The Taoiseach: About the end of 1941. In December and January at that time there were some communications and I would say it was in January, 1942, that the plenary summons was issued. Considerable expense was incurred by the defendants in preparing the material necessary in order to deal with the case. Further than the summons no action was taken until after the lapse of a couple of years, when a motion was brought in by the defendants to end the case for want of prosecution. Then further legal action was taken and the solicitor acting for the applicants, apparently not getting any fees, was not going to go any further, and there was a question of getting papers of which he had possession. There was another legal action in respect of that and I think it is going to the Supreme Court.
So far as I can see, unless there is  action taken by the Legislature, these funds will be frittered away in legal costs. It is the main purpose of the Bill to avoid that. A considerable sum already has been spent in that way. Those who would make an application of the sort I have referred to felt their costs were bound to come out of the funds, so there was no deterrent to continuing legal action. The principal purpose of the Bill is to put a stay on such action.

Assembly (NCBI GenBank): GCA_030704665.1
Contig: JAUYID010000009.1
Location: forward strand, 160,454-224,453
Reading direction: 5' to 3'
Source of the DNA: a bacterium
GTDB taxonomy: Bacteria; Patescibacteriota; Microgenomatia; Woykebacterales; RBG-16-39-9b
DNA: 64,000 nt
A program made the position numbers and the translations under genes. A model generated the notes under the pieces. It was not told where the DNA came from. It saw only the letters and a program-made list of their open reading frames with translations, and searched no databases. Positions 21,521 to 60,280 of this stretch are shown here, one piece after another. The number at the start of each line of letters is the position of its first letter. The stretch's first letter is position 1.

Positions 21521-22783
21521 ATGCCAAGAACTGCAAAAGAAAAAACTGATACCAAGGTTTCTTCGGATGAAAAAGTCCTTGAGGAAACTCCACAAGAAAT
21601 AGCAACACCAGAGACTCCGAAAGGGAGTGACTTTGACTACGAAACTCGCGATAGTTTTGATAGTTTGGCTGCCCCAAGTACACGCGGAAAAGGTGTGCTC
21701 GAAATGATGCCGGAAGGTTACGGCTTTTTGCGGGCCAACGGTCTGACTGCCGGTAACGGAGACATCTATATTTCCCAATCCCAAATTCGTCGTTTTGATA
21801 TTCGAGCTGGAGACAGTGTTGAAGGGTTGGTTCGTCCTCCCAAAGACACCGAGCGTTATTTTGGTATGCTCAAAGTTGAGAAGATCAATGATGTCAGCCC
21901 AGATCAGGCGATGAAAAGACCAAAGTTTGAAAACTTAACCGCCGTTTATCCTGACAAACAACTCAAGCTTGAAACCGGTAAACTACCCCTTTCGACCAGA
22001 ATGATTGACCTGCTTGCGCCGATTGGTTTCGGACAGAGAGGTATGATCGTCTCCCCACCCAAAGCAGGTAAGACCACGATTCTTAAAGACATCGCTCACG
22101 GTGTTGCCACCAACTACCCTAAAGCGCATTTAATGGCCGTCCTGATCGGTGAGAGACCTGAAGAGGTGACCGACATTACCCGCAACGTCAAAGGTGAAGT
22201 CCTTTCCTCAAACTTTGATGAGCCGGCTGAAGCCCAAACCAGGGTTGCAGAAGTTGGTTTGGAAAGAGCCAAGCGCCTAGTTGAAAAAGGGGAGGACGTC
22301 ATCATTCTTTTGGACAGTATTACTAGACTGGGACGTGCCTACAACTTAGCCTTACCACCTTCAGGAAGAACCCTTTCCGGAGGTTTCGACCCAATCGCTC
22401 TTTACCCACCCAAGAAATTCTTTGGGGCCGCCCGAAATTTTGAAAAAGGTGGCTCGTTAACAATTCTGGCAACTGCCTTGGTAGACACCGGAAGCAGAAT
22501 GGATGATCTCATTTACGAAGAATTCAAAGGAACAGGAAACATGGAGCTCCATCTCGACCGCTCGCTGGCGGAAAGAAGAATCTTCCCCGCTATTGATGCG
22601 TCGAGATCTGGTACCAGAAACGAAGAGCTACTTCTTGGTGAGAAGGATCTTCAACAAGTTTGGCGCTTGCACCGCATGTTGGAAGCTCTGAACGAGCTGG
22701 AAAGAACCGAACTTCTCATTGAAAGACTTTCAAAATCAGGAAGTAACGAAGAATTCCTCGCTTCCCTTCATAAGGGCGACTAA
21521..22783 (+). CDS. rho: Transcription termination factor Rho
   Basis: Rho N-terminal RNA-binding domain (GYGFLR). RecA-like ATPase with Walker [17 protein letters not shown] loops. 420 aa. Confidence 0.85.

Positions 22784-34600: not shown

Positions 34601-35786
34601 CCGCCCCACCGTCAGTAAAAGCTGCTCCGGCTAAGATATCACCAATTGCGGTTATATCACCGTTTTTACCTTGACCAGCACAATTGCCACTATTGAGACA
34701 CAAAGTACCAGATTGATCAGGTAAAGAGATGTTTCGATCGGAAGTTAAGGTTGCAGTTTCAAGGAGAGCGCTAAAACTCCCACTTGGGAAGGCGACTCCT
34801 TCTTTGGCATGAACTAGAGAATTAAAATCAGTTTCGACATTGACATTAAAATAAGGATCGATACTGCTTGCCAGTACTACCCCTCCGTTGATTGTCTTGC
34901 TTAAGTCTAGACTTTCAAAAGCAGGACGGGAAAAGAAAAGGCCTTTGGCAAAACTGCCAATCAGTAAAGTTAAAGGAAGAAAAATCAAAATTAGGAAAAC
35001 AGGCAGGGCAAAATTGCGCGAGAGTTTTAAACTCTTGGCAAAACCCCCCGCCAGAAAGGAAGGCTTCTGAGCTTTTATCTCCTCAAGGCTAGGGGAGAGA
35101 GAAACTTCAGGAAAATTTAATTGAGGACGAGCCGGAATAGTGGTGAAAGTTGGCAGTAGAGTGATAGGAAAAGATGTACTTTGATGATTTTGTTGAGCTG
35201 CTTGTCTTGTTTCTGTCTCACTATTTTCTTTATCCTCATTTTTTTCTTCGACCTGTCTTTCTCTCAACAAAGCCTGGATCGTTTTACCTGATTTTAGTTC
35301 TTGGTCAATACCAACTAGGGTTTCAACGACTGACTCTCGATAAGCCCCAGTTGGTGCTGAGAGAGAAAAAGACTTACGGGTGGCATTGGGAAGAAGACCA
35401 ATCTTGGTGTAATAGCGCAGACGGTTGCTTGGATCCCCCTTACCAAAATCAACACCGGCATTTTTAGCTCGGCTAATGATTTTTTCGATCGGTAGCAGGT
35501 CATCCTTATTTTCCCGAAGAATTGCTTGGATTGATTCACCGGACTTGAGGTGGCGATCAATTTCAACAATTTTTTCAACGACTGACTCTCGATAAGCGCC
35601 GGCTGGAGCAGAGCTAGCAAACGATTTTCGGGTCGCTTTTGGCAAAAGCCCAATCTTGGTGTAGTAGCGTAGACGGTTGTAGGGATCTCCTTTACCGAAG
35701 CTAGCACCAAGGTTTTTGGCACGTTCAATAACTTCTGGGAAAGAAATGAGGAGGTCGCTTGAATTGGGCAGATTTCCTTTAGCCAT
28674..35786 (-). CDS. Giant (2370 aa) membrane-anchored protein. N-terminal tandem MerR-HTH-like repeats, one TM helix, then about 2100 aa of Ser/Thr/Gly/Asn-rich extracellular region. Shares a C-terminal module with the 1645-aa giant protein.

As regards the manner in which it is proposed to dispose of the funds, I am not wedded to any particular form. The main thing is to see that these moneys, subscribed for public purposes, will not be wasted in legal costs. We would not have taken any action were it not for the death of the second trustee and the request that something should be done about the funds. It was intended to have a meeting of the existing members of the governing body of the old organisation and, if possible, to try to get agreement, so as to be able to bring the matter in here and have the agreement embodied in legislation. But, when court action was taken, I felt we should not do that and we have allowed four or five years to elapse until we have reached the position that we do not want to see these funds dissipated in legal actions.
The Legislature will have to take some measures in regard to this matter. I am not particularly wedded to any particular method. The method proposed in the Bill is that the moneys will be made available for persons in needy circumstances, who took part in the national struggle from 1916 to 11th July, 1921. I am quite ready to listen to any suggestions that may be made. The Government are quite prepared to listen to suggestions from Deputies on any of the benches here with regard to the manner in which these moneys should be disposed of.
I do not think, in view of the circumstances attaching to them, that any court would give the moneys to the group at present called the Sinn Féin organisation, so it is not from that point of view that the matter is being approached. I do not think that they are entitled in equity, morally or any  other way to the funds. The main point is to see that the moneys are not spent in legal costs. The proposal is to make them available, under a trustee board which will administer them, for people who, in their opinion, are in needy circumstances and who took part in the national struggle.